I'm more of a philosophical atheist as per your definition, I think, in that I don't go out of my way to shove it down other's throats irl. It's still sore for me though.

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I view philosophy as an eternal quest for the truth. I feel people who claim they've found the truth and don't question themselves at all are just... strange. I have a need to question myself constantly. As Fared said, I've matured.
What science on the whole continues to provide as a knowledge base to me is far more credible than any belief system invoking something supernatural. I agree in that those who like science should be willing to accept new evidence for new scientific discoveries with grace.

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I used to think that it is indeed a religion, but that's before I reformed my way of thinking to philosophy being the central point.
I don't know how many atheists I know would think that it's a philosophy, because in your everyday life it's not something you think about that often. But it's most certainly not a religion, being just a lack thereof.
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  #15  
Old 07-22-2012
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Could you link me? Some atheists are horrible people, yes, and things like that don't make much sense. But it's because they're bad people. I certainly wouldn't go out of my way to remove a religious figure, but then again, if it's on government-controlled public land it could be seen as government support of religion which I highly dislike.
Regardless of whether it shows support for a particular religion isn't important. It's more important whether they prevent other religions from exercising. I'd think a better world would be one wherein everyone can practice as they wish, rather than nobody practicing at all. In terms of extremes, the former is definitely better.

I'll find a link for you eventually but digging around for that stuff will take a while.

Quote:
What science on the whole continues to provide as a knowledge base to me is far more credible than any belief system invoking something supernatural. I agree in that those who like science should be willing to accept new evidence for new scientific discoveries with grace.
Can science tell you what an ethical choice is for someone? That's what philosophy is for. Science can only tell you what is right in the realm of the sciences. If a person draws their philosophy from religion, then that's just how their experience manifests itself.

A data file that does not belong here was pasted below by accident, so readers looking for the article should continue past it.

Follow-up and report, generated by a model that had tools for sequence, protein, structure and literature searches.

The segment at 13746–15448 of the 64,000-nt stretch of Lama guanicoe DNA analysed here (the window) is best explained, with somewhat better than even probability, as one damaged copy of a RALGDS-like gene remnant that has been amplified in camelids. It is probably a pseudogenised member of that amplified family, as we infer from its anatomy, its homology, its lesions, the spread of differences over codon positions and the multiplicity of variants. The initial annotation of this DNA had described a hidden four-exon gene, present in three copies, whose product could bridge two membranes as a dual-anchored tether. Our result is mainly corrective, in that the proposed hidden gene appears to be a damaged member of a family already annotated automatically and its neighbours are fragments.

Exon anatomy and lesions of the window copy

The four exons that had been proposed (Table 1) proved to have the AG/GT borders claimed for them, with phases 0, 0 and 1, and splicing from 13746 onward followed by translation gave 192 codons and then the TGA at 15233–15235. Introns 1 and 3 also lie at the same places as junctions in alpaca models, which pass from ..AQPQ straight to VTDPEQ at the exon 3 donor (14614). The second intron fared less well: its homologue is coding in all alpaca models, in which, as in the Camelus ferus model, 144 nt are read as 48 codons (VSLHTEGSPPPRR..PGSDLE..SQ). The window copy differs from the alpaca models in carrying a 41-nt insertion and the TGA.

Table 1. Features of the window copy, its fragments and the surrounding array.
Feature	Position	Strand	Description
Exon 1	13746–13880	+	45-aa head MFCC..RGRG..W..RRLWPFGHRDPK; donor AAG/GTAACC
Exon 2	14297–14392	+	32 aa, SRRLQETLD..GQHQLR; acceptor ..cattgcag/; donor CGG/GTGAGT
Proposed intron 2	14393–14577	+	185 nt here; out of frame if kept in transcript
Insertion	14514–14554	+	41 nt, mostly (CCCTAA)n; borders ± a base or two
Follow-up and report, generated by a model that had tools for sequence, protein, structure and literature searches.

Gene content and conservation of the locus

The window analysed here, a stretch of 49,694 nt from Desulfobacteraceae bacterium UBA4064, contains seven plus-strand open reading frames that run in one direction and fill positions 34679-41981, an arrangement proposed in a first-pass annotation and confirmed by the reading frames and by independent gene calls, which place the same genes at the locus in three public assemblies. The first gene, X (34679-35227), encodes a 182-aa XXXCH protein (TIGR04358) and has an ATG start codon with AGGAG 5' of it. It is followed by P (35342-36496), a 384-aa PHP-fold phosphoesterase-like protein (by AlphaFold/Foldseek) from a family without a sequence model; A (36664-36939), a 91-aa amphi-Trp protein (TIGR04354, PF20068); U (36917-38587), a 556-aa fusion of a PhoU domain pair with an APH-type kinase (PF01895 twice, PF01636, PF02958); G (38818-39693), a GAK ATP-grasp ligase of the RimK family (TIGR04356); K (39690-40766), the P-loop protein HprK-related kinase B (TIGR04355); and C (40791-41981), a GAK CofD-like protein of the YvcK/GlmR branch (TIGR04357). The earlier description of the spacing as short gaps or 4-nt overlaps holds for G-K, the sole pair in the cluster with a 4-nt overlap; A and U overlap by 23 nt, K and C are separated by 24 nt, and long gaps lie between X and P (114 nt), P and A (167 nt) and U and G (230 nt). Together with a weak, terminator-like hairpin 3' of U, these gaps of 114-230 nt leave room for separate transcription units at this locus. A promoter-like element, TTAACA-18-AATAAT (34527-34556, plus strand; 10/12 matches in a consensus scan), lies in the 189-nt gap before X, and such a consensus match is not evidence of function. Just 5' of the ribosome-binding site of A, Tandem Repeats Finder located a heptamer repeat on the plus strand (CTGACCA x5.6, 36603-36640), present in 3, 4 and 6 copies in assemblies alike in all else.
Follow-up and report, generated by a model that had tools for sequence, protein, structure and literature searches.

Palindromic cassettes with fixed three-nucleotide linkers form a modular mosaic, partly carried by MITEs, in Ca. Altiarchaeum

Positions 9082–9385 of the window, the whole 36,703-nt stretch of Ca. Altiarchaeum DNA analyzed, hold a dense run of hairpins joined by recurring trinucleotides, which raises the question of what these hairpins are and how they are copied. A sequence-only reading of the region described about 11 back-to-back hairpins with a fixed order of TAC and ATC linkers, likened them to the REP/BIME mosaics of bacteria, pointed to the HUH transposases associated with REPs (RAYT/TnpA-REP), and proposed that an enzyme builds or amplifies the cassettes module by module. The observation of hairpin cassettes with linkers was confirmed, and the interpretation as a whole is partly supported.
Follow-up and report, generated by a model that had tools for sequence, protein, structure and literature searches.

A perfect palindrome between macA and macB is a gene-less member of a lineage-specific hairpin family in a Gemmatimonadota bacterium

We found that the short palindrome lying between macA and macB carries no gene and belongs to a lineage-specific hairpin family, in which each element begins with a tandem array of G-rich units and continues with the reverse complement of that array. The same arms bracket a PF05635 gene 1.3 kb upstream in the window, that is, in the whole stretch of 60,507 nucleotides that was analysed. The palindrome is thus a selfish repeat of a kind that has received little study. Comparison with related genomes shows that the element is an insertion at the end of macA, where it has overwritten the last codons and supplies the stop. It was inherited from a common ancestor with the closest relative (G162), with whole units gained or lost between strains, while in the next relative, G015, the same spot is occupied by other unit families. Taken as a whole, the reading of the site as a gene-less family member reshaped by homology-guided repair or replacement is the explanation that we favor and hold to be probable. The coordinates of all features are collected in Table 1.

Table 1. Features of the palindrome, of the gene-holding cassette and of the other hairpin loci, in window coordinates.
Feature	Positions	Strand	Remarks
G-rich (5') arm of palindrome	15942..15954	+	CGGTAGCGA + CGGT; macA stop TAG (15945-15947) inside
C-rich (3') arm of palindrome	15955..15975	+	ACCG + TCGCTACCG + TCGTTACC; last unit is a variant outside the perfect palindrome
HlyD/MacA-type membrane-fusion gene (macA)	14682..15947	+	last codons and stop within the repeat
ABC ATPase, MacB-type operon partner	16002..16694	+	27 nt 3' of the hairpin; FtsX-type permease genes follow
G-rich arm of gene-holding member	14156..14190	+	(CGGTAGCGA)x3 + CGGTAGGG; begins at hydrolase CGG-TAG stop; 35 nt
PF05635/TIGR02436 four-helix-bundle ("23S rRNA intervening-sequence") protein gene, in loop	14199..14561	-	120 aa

To be fair, philosophy used to be a form of pseudo-psychological science iirc, but that's since been replaced by psychology.

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I don't know how many atheists I know would think that it's a philosophy, because in your everyday life it's not something you think about that often. But it's most certainly not a religion, being just a lack thereof.
As long as they think it's true, and value truth as wisdom, it's a philosophy.
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  #16  
Old 07-29-2012
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I consider myself as an atheist, and although I don't see it as a religion, I'm told a lot by people around me that it is a religion, in a way. Religion requires faith, and atheism is, basically, a faith or belief that there is no God. Then again, my parents tell me I can't even call myself an atheist, since I don't believe in any specific religion but I do believe some things about the after life and the concept of karma. So maybe I'm just spouting rubbish and what I'm saying doesn't mean anything.
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  #17  
Old 07-29-2012
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Sounds like you're agnostic, or spiritual.
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  #18  
Old 12-28-2012
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Atheism is just spiritual-default. Some people just need to fill in all life's boxes.
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  #19  
Old 03-10-2013
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I agree with several of the comments above about philosophy and how it relates to religion.